This is why we can’t have nice things in Scott Walker’s Wisconsin.

Justin Aprahamian, chef-owner of Sanford Restaurant and winner of Best Chef Midwest from the James Beard Foundation in 2014, plans to open a brewery in Chicago.

Aprahamian and business partner John Lavelle, who created the Beer Fridge app, will open Like Minds Brewery in a former Goose Island storage facility on Chicago’s near northwest side. The brewery also will have a taproom.

Aprahamian and Lavelle chose Chicago as a location because Like Minds was unable to get a brewpub permit from the State of Wisconsin. State law bars an owner of a brewpub or brewery from holding retail liquor licenses for other businesses — a law that would prevent large brewers from monopolizing distribution and sales of beer. Aprahamian has a retail liquor license for Sanford, 1547 N. Jackson St.

As if losing Justin Aprahamian and his brewery to Illinois isn’t bad enough, it appears officials in Gov. Scott Walker’s administration really didn’t care if Aprahamian took his business to Illinois.

Aprahamian and Lavelle estimate they looked at 50 potential sites in Milwaukee for the brewery and were negotiating distribution agreements when they saw “red flags.” They had their lawyer talk with the state. They also spoke with state officials.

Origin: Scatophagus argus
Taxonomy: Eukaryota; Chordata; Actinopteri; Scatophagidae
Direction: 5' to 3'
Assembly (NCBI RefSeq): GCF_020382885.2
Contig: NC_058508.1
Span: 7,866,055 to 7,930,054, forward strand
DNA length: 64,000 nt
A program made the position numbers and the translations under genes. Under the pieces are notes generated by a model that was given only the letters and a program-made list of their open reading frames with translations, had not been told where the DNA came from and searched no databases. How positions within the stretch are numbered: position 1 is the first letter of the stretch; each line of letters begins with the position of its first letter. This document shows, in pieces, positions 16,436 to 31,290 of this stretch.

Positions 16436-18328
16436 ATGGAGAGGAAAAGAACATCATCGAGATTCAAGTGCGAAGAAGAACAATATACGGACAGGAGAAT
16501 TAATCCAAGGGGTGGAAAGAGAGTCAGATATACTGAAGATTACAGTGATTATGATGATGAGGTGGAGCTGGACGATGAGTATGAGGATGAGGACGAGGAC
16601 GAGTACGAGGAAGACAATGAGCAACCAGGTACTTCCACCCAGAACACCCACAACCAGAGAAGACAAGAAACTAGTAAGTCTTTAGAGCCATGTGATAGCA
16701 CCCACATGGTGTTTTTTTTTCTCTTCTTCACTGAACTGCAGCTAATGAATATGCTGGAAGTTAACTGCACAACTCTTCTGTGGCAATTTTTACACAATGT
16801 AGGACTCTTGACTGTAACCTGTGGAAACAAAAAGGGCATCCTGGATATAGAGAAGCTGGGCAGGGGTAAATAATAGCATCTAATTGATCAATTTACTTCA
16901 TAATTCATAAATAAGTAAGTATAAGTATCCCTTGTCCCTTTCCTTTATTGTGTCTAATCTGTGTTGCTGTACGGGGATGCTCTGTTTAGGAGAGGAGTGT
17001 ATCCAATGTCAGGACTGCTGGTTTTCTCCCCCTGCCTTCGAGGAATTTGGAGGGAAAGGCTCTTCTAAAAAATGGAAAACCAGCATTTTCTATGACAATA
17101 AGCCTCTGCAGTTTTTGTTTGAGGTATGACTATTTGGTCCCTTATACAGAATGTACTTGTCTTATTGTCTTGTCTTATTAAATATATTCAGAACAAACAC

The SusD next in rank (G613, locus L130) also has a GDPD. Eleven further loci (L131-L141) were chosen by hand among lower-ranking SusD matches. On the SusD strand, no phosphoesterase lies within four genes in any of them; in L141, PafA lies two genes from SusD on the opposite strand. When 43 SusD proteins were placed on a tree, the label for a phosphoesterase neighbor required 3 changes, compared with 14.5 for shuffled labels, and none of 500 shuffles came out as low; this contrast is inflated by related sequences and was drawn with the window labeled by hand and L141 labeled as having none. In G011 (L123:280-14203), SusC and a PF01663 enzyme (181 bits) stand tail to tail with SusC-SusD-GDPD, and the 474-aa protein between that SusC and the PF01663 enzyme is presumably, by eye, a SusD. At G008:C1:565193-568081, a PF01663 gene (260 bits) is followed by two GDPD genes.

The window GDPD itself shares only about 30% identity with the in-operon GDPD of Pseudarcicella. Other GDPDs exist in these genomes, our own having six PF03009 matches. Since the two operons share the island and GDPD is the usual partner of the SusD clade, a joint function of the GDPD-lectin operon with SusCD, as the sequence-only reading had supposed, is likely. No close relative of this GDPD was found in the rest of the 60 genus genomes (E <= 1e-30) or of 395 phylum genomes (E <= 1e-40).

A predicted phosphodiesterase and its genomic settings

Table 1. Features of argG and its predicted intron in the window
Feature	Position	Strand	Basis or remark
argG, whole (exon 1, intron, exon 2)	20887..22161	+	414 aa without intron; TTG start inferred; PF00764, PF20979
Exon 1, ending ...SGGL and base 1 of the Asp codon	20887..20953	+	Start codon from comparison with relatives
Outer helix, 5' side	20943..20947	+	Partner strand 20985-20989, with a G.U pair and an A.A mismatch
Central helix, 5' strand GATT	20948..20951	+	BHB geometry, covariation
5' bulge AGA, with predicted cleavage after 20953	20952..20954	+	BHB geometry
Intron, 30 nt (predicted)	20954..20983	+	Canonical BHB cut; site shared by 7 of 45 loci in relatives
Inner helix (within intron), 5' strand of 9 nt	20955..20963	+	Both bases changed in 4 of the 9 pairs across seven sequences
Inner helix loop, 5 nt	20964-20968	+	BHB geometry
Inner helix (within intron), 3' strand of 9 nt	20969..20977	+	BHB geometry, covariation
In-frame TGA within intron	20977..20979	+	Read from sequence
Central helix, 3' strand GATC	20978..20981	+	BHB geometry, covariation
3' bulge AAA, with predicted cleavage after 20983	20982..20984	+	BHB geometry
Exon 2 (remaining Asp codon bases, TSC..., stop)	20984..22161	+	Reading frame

“At one point, they said to us, ‘You can take this thing to Illinois,'” Lavelle said. “I actually had them repeat that.”

Apparently folks in Gov. Walker’s administration aren’t big believers in the idea that Wisconsin is “Open for Business.”

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2 Responses to State officials to award-winning chef/burgeoning brewer: “You can take this thing to Illinois”

  1. Aaron Camp says:

    This is an extremely rare instance where I actually agree with the Walker Administration. They were simply following Wisconsin state law (something they don’t usually do) in denying Like Minds Brewery a license to operate as a brewpub, and I oppose repealing the anti-trust law that prohibits brewpub owners from having retail licenses for other types of businesses associated with the booze industry. If that law is repealed, Big Booze (i.e., MillerCoors, Anheuser-Busch, etc.) would drive brewpubs out of existence in Wisconsin, a state where King Booze has a ton of cultural and political influence that is nearly as big as King Coal’s influence in states like West Virginia.

    Far too often, government officials, especially at the state and local levels, bend over backwards for business interests. Often times, it’s best not to bend over to business interests.

  2. Aaron Camp says:

    Disclosure for earlier comment: I am an Illinois resident, although I live closer to Terre Haute, Indiana than Chicago. I apologize for not including the disclosure in my earlier comment, as it’s clearly relevant for this particular blog post.

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